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Wednesday, June 21, 2006

WEEKLY Q: Big green statements?

What is the single biggest greenest positive statement I could make? What action could I do to send the most upbeat cityhippy message to the world?

And it cannot be a negative like NOT flying.

Buying organic? Switching to green energy? Gotta be something even bigger than that.

All too often the green message is about what we should not do. Lets give people things they can do...and the bigger the impact for the least amount of input the better.




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At 2:04 AM, Blogger baloghblog said...

off the top of my head, I would have to say the biggest positive impact that one could have (although, I am not sure about it being the "least invested") would be:

Teach our children well.

Imagine, a full LIFETIME of green living. Children given a positive, green example in their lives must be much more likely to continue those practices as they grow into adulthood. Children also rub off on their friends (yes, there must be some sort of positive peer-pressure...)

Wherever you have the opportunity to influence kids, try to set a shining positive example on how to treat the earth with respect, and to be responsible for your actions.

Although 1/3 to (gasp) 1/2 of our lives may have passed, we have the ability to affect the earth positively for many years beyond our passing.

This is the biggest green statement that I think that one could make.

At 9:39 PM, Blogger City Hippy said...

Yeah very good point...and as a new father this weighs heavy on my mind at all times.

What about immediate statements though that I could make this week?

What is the biggest loudest statement I could make by the end of the weekend? ;)

Any thoughts?



At 9:20 AM, Anonymous sonia said...

Baloghblog has a great point - and we don't have to wait till we have our own kids. there are kids everywhere! kids and the environment go really well together - as adults we've kind of 'weaned' ourselves out of the enchantment kids get from their surroundings.

back in the distant days when i was 15, i got involved with recycling and promoting the idea as well as trying to push for some recycling facilities in the school i went to. although it was generally quite a 'new' thing then all the kids were really keen. we did the usual sponsored walks etc. to raise some money and awareness, but the imp. thing is that it all stayed with me and has made a big difference to the person i am now.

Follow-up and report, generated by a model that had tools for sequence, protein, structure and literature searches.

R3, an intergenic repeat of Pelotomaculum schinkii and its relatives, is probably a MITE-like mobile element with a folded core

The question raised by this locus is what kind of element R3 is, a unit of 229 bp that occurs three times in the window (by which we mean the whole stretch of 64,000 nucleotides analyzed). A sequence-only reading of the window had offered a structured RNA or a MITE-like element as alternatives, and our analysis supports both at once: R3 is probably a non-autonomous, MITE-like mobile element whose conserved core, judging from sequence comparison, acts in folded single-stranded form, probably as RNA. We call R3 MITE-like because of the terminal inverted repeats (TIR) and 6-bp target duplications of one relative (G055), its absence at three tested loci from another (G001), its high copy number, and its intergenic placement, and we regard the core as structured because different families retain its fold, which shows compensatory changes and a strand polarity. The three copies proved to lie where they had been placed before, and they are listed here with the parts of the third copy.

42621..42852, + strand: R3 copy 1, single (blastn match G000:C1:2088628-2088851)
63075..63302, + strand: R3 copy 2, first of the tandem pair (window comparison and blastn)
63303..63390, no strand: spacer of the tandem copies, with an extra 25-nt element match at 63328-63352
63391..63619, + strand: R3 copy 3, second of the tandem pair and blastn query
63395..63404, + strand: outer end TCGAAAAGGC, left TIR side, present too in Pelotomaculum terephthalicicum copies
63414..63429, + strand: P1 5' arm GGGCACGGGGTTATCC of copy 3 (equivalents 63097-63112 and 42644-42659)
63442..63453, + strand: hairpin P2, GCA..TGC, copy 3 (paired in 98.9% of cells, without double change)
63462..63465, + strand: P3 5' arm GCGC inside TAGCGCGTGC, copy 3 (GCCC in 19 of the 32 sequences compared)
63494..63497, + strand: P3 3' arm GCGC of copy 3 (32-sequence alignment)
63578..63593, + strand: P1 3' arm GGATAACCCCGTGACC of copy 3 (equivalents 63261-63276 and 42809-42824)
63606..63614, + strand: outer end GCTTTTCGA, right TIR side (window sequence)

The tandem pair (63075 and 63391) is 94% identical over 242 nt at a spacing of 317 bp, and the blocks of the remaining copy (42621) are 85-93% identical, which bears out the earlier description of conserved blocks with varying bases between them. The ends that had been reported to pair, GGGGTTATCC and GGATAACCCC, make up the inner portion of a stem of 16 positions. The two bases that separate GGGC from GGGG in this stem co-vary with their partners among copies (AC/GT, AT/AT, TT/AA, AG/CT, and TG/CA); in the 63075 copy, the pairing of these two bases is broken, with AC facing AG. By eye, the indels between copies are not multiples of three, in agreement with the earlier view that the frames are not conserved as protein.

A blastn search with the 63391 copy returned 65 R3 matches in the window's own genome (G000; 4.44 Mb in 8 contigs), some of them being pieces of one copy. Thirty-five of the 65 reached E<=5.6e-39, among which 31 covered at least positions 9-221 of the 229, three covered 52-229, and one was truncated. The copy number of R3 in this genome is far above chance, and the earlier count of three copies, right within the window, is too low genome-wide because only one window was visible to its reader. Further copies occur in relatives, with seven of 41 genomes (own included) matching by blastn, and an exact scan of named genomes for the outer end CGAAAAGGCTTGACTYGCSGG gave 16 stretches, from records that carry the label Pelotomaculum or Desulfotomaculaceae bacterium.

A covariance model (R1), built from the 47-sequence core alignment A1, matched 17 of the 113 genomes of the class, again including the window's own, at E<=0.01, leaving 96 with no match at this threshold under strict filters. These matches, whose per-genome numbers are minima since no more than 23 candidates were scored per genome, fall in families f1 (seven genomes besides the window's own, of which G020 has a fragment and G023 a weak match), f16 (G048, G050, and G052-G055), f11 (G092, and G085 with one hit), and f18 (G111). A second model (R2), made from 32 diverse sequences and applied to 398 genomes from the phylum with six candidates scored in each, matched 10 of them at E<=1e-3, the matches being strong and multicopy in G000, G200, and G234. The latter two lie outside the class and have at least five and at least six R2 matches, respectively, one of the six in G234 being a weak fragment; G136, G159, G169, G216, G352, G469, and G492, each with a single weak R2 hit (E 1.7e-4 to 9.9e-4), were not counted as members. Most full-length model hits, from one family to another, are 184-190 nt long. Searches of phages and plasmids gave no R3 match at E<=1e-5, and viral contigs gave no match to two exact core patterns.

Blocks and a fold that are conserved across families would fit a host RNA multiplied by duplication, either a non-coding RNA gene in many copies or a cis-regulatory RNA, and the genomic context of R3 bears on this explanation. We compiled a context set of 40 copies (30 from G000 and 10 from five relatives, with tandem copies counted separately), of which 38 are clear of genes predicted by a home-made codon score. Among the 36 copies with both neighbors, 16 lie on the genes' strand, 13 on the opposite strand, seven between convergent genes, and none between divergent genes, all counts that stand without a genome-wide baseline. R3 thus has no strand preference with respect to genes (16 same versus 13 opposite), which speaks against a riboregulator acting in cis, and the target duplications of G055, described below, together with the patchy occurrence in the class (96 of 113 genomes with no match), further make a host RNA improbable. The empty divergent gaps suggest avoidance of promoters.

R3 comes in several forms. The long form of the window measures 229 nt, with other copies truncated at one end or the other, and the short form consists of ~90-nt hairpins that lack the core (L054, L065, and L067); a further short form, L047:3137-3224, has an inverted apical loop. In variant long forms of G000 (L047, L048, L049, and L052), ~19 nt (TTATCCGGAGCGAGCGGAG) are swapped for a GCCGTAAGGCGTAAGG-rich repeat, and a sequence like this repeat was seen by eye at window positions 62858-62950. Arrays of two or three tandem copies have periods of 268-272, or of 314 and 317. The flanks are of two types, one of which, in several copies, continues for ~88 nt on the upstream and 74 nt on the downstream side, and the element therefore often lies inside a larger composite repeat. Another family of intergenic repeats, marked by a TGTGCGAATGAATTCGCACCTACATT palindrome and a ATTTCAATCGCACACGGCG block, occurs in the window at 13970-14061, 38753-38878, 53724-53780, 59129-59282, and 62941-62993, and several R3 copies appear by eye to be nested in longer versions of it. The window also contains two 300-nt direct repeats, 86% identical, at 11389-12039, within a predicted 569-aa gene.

At 10:12 PM, Blogger City Hippy said...

Hi Sonia

Thanks for the comment.

I think it is very important for us all to help other adults see the variety of options they can offer their kids. As well as show our own kids. And if you work with kids then engaging with them on the issues is a must for sure. Also when my son gets older I look forward to encouraging his pals to care too. So many to make an impact on the future generation.

Also engaging with our world as children (do we ever grow up?) is a good step towards repescting it all over again.

And finally your point about the impact it had on you as a youngster is right on...positive eco happenings affect kids immensely. As do negative happenings.



At 12:52 AM, Anonymous Anonymous said...

The greenest thing anybody can do is to help stop maltreatment of children worldwide. In America, they grow up with hatred never aimed. It affects us all countless ways: the environment, safety, love, ................

Abuse is generational. I wrote a novel to help stop it: "Rarity from the Hollow." A percentage of any proceeds will prevent child abuse in West Virginia where I work as a Therapist in a children's mental health program. More than that, the novel will bond readers to the cause. Please promote and help in any way you can. Robert Eggleton


At 4:14 PM, Blogger etbnc said...

Good stuff. I like the emphasis on positive values. I think that's the most effective way to engage people long enough to even begin to influence their values.

I spend a lot of time thinking about crafting messages for particular audiences. I have yet to see "The One" message/sentence/sound bite/bumper-sticker that works every time for every person. So I think more in terms of a collection of messages that express a framework of healthy values.

"Teach our children well" fits that framework. As y'all commented, it implicitly requires us to engage adults, too, especially parents.

I'm starting to use "Share what you care about" with some folks. I think that expresses the same value system as teaching our children well.

For folks who respond well to brief checklists, I'm experimenting with a variation: "Care. Share. Focus."

I'm also trying out a new cocktail-party sort of question as a way to try to engage people:

How would we live if the phrase, "And we all live happily ever after..." began a new story?

Perhaps that's another way to suggest, "Imagine a full lifetime of green living."

I think this is all part of an important public dialog. Thanks for sharing it!



At 8:06 AM, Anonymous Jane said...

I would say that literally encouraging everyone to do their bit, no matter how small, has an enormous impact. Get people to think about what they can do to help the environment.

This week a friend commented that she didn't really have the space to recycle as she's in a small flat - my response as to team up with the other residents and use a space in the communal area to store the recycling ready for the council to collect it - it'll take 10 mins of her time but make a big difference (especially if it gets her neighbours recycling more as well - that will be 6 flats)

At 6:03 AM, Anonymous Jennifer Killpack-Knutsen said...

Hi Al,

this post really got me thinking a few weeks ago. I came up with an idea and I'm not sure if this is what you mean by big statement, but it works for me at this level here